CHICAGO — Trevon Duval was easily the biggest question mark among Duke’s five-star freshmen entering the 2017-18 season.
Could Duval effectively run an offense? Would Duval’s lack of a consistent jumper hurt a Blue Devil team that badly needed floor spacing? Was Duval’s style of play too wild for Coach K?
Duval passed his first real test with flying colors against Michigan State on Tuesday night as he was all over the floor, getting in passing lanes and soaring for above-the-rim finishes.
It was only a small part of an eye-opening performance for Duval at the Champions Classic as his 17 points, 10 assists, six steals and three rebounds were a huge part of No. 1 Duke’s 88-81 win over the No. 2 Spartans. Playing 37 minutes, and only turning the ball over three times, Duval was the steady presence with the ball that the Blue Devils needed in an early-season game of this magnitude.
In a game featuring the top two teams in the country, Duval was the second best player on the floor. And for a program that has struggled to find a consistent option at point guard the past few seasons, Duval looked like the floor leader that the Blue Devils have sorely lacked.
While much of the national recognition was justifiably geared towards teammate Grayson Allen’s red-hot shooting and Marvin Bagley III’s poked right eye, Duval was a menace on both ends of the floor. Whether it was playing in constant attack mode with the ball in his hands on offense or deflecting a high number of passes at the top of Duke’s surprisingly active 2-3 zone on defense, Duval’s imprint was all over Tuesday’s game.
“It was crazy. It was exciting; really exciting,” Duval said to NBCSports.com. “I was a little bit nervous. But after I started to get rolling a little bit it was just regular basketball.
“I usually get butterflies before every game but I got a little bit more butterflies before this game. But it was more of an anxious type of butterfly. I was ready to go and ready to play and ready to win.”
The metamorphosis of Duval emerging into a potential two-way force is a vital part of Duke’s national championship aspirations. Already the No. 1 team in the nation with a potential ceiling that is unrivaled in college basketball this season, the Blue Devils needed Duval to step up in a big way against Michigan State with Bagley only playing 10 minutes and fellow freshman Gary Trent Jr. struggling with a 3-for-14 shooting night.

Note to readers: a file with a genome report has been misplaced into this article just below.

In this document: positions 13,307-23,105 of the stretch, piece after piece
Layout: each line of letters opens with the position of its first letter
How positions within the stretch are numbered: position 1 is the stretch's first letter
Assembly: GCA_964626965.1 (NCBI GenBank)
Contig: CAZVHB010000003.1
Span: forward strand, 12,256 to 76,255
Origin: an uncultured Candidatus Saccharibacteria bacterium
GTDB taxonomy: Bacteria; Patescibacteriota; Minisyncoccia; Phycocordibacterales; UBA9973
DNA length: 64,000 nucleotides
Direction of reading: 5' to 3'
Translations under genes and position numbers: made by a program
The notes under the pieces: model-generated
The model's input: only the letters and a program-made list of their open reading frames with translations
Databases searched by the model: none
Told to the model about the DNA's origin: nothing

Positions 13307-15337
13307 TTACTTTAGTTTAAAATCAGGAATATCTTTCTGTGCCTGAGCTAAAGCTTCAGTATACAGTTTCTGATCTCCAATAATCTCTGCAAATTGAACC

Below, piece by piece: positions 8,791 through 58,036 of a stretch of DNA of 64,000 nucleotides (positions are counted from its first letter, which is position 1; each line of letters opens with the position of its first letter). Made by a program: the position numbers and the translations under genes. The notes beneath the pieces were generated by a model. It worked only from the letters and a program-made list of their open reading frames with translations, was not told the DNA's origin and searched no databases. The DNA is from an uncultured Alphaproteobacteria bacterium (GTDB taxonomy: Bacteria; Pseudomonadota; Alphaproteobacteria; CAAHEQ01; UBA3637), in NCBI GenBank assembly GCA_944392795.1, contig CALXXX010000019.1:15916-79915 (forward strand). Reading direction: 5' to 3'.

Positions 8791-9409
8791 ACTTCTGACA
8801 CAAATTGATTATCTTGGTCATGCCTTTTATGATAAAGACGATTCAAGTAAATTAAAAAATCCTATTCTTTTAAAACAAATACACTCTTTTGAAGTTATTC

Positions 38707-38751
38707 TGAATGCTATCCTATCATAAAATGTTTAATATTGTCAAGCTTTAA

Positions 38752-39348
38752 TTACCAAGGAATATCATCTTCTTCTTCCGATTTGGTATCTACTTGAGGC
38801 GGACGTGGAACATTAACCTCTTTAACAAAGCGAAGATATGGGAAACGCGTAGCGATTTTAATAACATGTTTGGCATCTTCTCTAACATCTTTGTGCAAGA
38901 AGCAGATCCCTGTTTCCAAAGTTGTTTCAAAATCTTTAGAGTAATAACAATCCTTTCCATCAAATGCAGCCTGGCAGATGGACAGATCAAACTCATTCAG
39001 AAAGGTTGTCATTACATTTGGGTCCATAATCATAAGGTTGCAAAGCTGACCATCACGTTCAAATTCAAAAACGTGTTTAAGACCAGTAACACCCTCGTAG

It was expected that a player known from his high school mixtapes as “Tricky Tre” could make things happen off the dribble on the offensive end. Duval’s constant activity on defense is something that surprised a lot of people.
“I don’t really know what people really said [about me in the preseason] but I think I play defense a lot better [than people think],” Duval said. “Now that I’m in college I feel as though I gotta cut the head off the opposing team. And that’s the point guard. So, whenever I do that, it makes it harder for the other team to run their stuff.”
Duke’s 2-3 zone has been an interesting subplot at the start of the regular season as head coach Mike Krzyzewski hasn’t relied this much on that type of defensive look in recent years. Duval’s 6-foot-9 wingspan and activity in passing lanes could mean that the Blue Devils rely more on the zone than previously believed. The 2-3 zone definitely helps Duke’s lack of consistent depth off the bench. Duval’s pressure also turned a potentially passive look into a turnover-producing force. Michigan State had serious trouble working the ball into the middle of Duke’s 2-3 zone as Duval applied a lot of ball pressure.
“2-3 is something that we really didn’t play in the first couple games. But in practice, we really go through it so we can run it against certain teams,” Duval said. “We’re really comfortable with it and we know we have really long arms throughout the whole team. So I feel as though we’re comfortable playing that 2-3.”
For as good as Duval was at the Champions Classic, his jumper is still very much a work-in-progress. Finishing 7-for-20 from the field, and going 0-for-4 from three-point range, Duval has to knock down some looks outside of the paint if he wants to keep opposing defenses honest as the season progresses. But also credit Duval with understanding that Allen had the hot hand and that he could play off of the senior’s dominant performance. Still one of the toughest covers in college hoops off of ball-screen scenarios, Duval found a comfort level attacking the basket with downhill drives once Bagley was out and Allen started to get rolling.
“I tried to find Grayson and Gary and the big guys. Try to get them involved, try to get them going. Definitely Grayson when he started to get hot. Tried to find him as much as possible,” Duval said.
“As soon as Grayson started to get hot I had to tell everybody, ‘Find Grayson, he’s gonna knock it down no matter what.’ Once he gets like that, he’s unstoppable.”
It’ll be interesting to see how Duval’s aggressiveness hunting his own offense changes once Bagley returns to the lineup. It didn’t seem like Duval was fully comfortable in the Duke offense until Bagley went down midway through the first half and Duke had to make adjustments. Bagley is going to command a lot of touches on offense and Duval is still developing a chemistry with the Blue Devils’ late-summer addition.
But Tuesday also gave us a glimpse of what Duval can bring on both ends of the floor when he’s confident and rolling. Duke’s ceiling remains completely terrifying if Duval can continue to play like this. In a star-studded Champions Classic that was filled with freshmen talent, Duval was arguably the best among his classmates when it came to making winning plays.